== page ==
Former Vice President Mike Pence
said Thursday that he was "proud" of his role in certifying the results of the 2020 presidential election
on Jan. 6, after supporters of then-President Donald Trump
stormed the United States
Capitol in an attempt to prevent the Electoral College
process from concluding.
Pence made the remarks at an event at the Ronald Reagan
Presidential Library in Simi Valley, California
, on Thursday night, departing sharply from Trump's rhetoric, which has continued to deny that he lost the popular vote by more than 7 million votes
and the Electoral College tally by 306 to 232.
“I will always be proud that we did our part on that tragic day to reconvene Congress
and fulfill our duty under the Constitution and the laws of the United States,” Pence said as part of a series of talks with prominent Republicans
, according to the Los Angeles
His remarks come amid the ongoing fallout from the Jan. 6 attack
, which saw enraged Trump supporters
storm the halls of Congress, some of whom were heard chanting threats such as "Hang Mike Pence." Trump spent the weeks following his 2020 election
defeat claiming, without evidence, that widespread voter fraud cost him the election.
That message has stuck with Trump voters
, and the former vice president was heckled as he took the stage earlier this month at the Faith and Freedom Coalition's annual conference, with some attendees calling him a "traitor."
Although Trump has strongly hinted that he is still interested in the White House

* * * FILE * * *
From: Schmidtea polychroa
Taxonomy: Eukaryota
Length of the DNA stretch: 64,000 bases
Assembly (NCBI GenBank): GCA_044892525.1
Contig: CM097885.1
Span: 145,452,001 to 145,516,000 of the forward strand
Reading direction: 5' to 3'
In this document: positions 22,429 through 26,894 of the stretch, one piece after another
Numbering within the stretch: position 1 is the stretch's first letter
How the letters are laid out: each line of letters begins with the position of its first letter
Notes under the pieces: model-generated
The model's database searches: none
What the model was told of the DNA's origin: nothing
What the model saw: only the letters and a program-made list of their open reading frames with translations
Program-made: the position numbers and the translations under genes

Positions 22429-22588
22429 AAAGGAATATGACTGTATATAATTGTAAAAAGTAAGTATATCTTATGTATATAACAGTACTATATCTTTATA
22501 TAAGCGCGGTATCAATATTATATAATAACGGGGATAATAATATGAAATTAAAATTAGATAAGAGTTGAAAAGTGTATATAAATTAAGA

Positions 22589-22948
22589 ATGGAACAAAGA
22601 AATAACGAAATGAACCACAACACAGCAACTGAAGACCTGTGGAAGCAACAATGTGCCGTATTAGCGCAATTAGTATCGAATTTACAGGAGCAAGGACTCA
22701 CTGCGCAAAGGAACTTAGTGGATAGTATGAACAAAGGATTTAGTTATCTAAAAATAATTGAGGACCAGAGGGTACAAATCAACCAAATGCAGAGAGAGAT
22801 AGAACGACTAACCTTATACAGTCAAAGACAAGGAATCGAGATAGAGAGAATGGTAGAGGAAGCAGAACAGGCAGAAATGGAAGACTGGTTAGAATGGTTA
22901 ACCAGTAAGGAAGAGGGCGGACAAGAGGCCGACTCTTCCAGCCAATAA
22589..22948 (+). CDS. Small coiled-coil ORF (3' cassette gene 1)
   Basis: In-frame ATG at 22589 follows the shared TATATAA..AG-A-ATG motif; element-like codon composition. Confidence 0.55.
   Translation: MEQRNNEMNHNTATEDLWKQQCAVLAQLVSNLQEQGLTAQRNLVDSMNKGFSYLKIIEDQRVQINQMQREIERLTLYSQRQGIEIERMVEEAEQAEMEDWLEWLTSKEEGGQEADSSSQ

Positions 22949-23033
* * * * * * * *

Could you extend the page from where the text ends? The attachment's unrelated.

, Pence is seen as a likely candidate for the Republican nomination in 2024 to challenge President Joe Biden
. The former president has maintained a firm grip on the GOP
despite his defeat, and many of Pence's talking points on Thursday were key features of the Trump administration
Pence, on the other hand, has distanced himself from Trump in recent weeks, saying earlier this month that he wasn't sure they'd ever see "eye to eye" on the events surrounding the insurgency, a rare break after the former vice president spent years as a staunch supporter of his boss.
“As I said that day, Jan. 6 was a dark day in the history
of the United States Capitol, but thanks to the swift action of Capitol Police
and federal law enforcement, violence was quelled,” Pence said at the time at a Republican dinner. “You know, President Trump and I have spoken many times since we left office. And I don’t know if we’ll ever see eye to eye on that day.”
Pence said on Thursday that he understood Trump supporters were disappointed with the 2020 election results, but he urged Republicans to support the nation's institutions.
“I understand the disappointment many people
feel about the last election,” Pence said, “but there is more at stake than our party and our political fortunes right now; if we lose faith in the Constitution, we will lose our country, not just elections